Practical Applications for Ki, Ti, Si, La’i – Cordyline fruticosa 

Some of it’s many practical uses included: food wrappings, cups, plates, rain capes, hula skirts, leis, cordage, footwear, hukilau nets, fishing lures, and thatching material.

Ki and Kukui leis

In ancient times the Ki leaf was twisted to create leis worn by high priests and the nobility.

Food and Beverage-

Ki root was baked to extract sugar and the baked Ki root itself was savored as a desert, used as a preferential emergency food in times of famine, and brewed into a beer during pre-contact times which has since evolved into a distilled spirit, known today as Okolehao (iron bottom). Once used as a treatment for scurvy, it is best described as a cross between rum and tequila.

Ki is most likely indigenous to Southeast Asia and was transported throughout the Pacific by Polynesians who used the relatively light weight, compact, starchy rhizome for food during long ocean voyages.

Topical Medicinal Uses-

The natural shape of the Ki leaf lends itself well to creating hot packs, poultices, and herbal wraps packed with other medicinal hedge plants. Here are some simple and effective traditional Hawaiian la’au applications for Ki leaf.

Aches & Pains: For muscle pain and stiffness in joints snugly wrap one large Ki leaf around the joint or muscle area overnight. Repeat for 5 days or as needed.

Back Pain: Wrap heated river stones in Ki leaf and apply to sore muscles for inflammation and pain relief.

Ki leaf with stones

Hot stones were wrapped with Ki leaves and applied to sore muscles.

Fever: Place the Ki leaf in cool water, and then apply the leaf as a compress directly on the effective areas to help reduce fever. Cover the patient with a light sheet, to avoid chilling.

Decongestant: Steam from boiled young green Ki shoots and leaves can be used as an effective decongestant and  the fragrant Ki flowers reduces asthma symptoms.

Stress Relief: Young green Ki shoots can be boiled and chilled to make a muscle relaxant and nerve calming beverage.

Magical or Metaphysical Uses-

Ki stalk was used as a diving rod in the practice of Huli Honua which is akin to the Taoist tradition of Feung Shui. The intuitive understanding of the movement of earths energy fields or Geomancy as practiced by the ancient Hawaiians, was the process of aligning oneself with the mana or energy of the ’aina or the land. Understanding the flow of that mana could be determined with the Ki stalk. The proper alignment of all man-made structures with-in the flow of the earth’s energy fields was essential for harmonious and successful living in ancient Hawai’i.

Today the Ki leaf is used in ritual cleansings and blessings. Dipped in a mix of Hawaiian sea salt with fresh water and accompanied with a pule or prayer, the Ki Leaf is used to sprinkle the holy water over it’s recipient(s); offering divine protection from evil and an invitation for the presence of good.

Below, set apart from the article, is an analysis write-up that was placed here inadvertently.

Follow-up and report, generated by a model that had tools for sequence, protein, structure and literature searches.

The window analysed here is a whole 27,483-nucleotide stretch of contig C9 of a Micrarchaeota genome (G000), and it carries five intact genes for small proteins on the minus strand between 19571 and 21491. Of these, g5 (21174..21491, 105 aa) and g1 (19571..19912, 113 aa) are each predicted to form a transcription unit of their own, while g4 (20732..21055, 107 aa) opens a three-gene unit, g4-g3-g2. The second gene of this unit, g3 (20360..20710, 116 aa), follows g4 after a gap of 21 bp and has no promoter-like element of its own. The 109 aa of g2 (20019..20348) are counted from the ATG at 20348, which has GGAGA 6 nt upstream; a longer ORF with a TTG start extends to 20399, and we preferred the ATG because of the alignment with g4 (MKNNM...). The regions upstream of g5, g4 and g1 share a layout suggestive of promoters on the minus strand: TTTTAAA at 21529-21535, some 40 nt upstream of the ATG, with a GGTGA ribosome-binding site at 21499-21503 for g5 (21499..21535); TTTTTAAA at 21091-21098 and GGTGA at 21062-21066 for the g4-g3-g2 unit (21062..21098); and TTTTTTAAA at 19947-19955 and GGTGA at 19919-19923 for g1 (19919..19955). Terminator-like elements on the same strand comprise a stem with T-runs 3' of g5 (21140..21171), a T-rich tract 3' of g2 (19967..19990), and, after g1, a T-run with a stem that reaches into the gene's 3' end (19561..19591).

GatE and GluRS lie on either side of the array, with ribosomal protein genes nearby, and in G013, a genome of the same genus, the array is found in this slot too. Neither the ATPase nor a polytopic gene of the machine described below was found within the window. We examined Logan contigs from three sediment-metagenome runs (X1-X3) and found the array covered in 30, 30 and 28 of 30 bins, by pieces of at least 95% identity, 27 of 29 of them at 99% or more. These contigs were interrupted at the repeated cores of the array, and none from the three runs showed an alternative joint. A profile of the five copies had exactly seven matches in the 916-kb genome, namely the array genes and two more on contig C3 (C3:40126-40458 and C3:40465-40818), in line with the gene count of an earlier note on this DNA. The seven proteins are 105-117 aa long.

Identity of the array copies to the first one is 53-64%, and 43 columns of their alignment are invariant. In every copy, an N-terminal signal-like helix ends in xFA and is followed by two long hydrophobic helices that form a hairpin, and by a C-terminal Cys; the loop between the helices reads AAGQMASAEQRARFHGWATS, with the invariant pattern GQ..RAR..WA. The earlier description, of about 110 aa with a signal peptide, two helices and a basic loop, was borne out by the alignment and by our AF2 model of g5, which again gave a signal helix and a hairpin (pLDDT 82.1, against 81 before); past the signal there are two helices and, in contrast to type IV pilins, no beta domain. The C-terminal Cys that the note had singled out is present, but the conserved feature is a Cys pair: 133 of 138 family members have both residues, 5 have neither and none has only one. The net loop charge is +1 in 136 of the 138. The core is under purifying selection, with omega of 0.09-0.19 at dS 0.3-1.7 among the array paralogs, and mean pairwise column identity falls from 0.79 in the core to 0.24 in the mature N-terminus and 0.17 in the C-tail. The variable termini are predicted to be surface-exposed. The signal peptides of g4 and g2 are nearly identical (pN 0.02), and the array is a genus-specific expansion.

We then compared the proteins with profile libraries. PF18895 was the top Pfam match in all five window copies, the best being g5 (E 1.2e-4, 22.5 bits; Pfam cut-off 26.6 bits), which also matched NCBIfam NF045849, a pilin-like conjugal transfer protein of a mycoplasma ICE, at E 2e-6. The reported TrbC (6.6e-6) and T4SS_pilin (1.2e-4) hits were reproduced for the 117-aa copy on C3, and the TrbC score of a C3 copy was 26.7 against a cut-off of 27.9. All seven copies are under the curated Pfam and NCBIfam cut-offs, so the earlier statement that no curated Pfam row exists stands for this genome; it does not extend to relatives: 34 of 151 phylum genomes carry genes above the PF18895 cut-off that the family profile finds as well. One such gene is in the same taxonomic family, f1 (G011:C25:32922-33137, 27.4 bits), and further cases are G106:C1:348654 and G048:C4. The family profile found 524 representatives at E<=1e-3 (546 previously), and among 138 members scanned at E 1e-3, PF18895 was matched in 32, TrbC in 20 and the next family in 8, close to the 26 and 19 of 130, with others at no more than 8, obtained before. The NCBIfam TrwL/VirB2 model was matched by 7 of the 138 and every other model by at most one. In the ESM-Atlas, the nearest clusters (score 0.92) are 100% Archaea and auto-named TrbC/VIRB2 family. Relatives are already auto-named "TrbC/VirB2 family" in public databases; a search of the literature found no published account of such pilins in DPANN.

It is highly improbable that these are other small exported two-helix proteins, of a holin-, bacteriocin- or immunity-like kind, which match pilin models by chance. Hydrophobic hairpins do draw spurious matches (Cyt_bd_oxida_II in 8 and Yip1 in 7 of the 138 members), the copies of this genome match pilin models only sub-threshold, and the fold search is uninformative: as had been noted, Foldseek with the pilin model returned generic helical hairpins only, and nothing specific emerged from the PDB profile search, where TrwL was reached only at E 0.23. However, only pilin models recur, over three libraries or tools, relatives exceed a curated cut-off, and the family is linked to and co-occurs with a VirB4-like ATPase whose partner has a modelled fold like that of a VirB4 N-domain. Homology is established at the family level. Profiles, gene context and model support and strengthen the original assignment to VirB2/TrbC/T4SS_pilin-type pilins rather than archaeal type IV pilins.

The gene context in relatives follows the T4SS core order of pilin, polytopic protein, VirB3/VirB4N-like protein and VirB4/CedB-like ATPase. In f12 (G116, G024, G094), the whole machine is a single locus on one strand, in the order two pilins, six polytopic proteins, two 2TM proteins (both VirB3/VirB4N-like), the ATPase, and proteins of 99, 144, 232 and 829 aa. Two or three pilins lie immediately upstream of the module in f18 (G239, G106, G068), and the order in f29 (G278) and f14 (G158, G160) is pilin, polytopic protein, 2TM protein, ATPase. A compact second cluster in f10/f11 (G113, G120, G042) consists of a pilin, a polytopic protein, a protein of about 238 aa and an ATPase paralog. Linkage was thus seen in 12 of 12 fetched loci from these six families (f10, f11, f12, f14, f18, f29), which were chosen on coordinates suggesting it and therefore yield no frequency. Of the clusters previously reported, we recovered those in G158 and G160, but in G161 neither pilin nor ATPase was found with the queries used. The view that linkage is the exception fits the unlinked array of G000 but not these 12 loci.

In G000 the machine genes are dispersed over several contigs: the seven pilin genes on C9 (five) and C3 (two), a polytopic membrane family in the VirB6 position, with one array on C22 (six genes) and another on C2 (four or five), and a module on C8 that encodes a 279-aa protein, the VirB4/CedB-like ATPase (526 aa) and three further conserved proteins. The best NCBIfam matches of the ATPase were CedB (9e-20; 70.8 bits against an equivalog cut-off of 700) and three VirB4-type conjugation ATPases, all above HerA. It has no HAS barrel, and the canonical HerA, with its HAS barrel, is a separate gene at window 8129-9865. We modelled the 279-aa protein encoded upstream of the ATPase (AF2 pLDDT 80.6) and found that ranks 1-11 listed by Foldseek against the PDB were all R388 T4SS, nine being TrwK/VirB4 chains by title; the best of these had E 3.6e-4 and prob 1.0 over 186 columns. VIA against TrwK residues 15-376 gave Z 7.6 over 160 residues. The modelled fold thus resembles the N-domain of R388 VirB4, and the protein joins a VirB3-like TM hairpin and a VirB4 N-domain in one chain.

Aloha nui & Happy Gardening!


Rune of The Hedge Witch Oracle

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Indigenous Hawaiian Garden planned at the Bishop Museum

Indigenous Hawaiian Garden planned at the Bishop Museum
A fun little Hedge Witch diversion is to scratch around in the garden plots of other gardeners worthy of emulation. Of course it’s always advisable to be personable and get permission lest you find your behind beset with birdshot. There is always lots to learn from the successes and failures of others and keen observation can reap big rewards. 
Here is an exciting development for a hands on educational opportunity.
The Bishop Museum has broken ground last month on an exhibit which will feature indigenous plants of Hawai’i, in an interactive garden setting. The outdoor exhibit will be located on the 12 acre museum grounds and will feature flora important to native Hawaiian culture. President and CEO Timothy Johns stated in a press release that “This is the museum’s first step in remaking its entire campus into a ‘living exhibit’ of native and Polynesian-introduced plants which link the cultural artifacts on display in Hawaiian Hall,”
Scheduled for completion this summer, the garden will have educational activities and tours on a daily basis and will focus primarily on three groupings of both indigenous and imported flora.
  • The first grouping will consist of Coastal plants. Vegetation that voyagers might have seen upon reaching the Hawaiian shoreline, plants such as ‘ilima and hinahina.   
  • The second grouping will focus on Canoe Plants that were brought to Hawai’i by the islands’ first settlers, such as hala, ‘ulu, coconut, and kalo. 
  • And the lastly the Native Dry Forest Plants; recreating theoretically, how Hawai’i’s forests might have looked like, in ancient times. 

From a hedge witch perspective it will be interesting to see what medicinal plants will be included in the exhibit  and I’m particularly interested in the Native Dry Forest Plants.

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‘Awa Treats Anxiety: Hawaiian Medicinal Hedge Plants

Today marks the beginning of series of posts regarding Hawaiian Hedge Plants and we start with the mystical ‘Awa plant.


‘Awa (pronounced aahvaah) is a sacred plant in the Hawaiian and Polynesian cultures and has many uses from the magical to the medicinal. It is more commonly known today as an intoxicating beverage but it’s uses are found in ceremonial traditions both religious and community based across Polynesia. ‘Awa has several medicinal uses including the treatment of: anxiety, colds, headaches, respiratory diseases such as asthma, diabetes, rheumatism and it is commonly used as a muscle relaxant or sedative, often in conjunction with Lomi Lomi or Hawaiian massage.

‘Awa,  Kava Kava, Yaqona, Sakau, Piper methysticum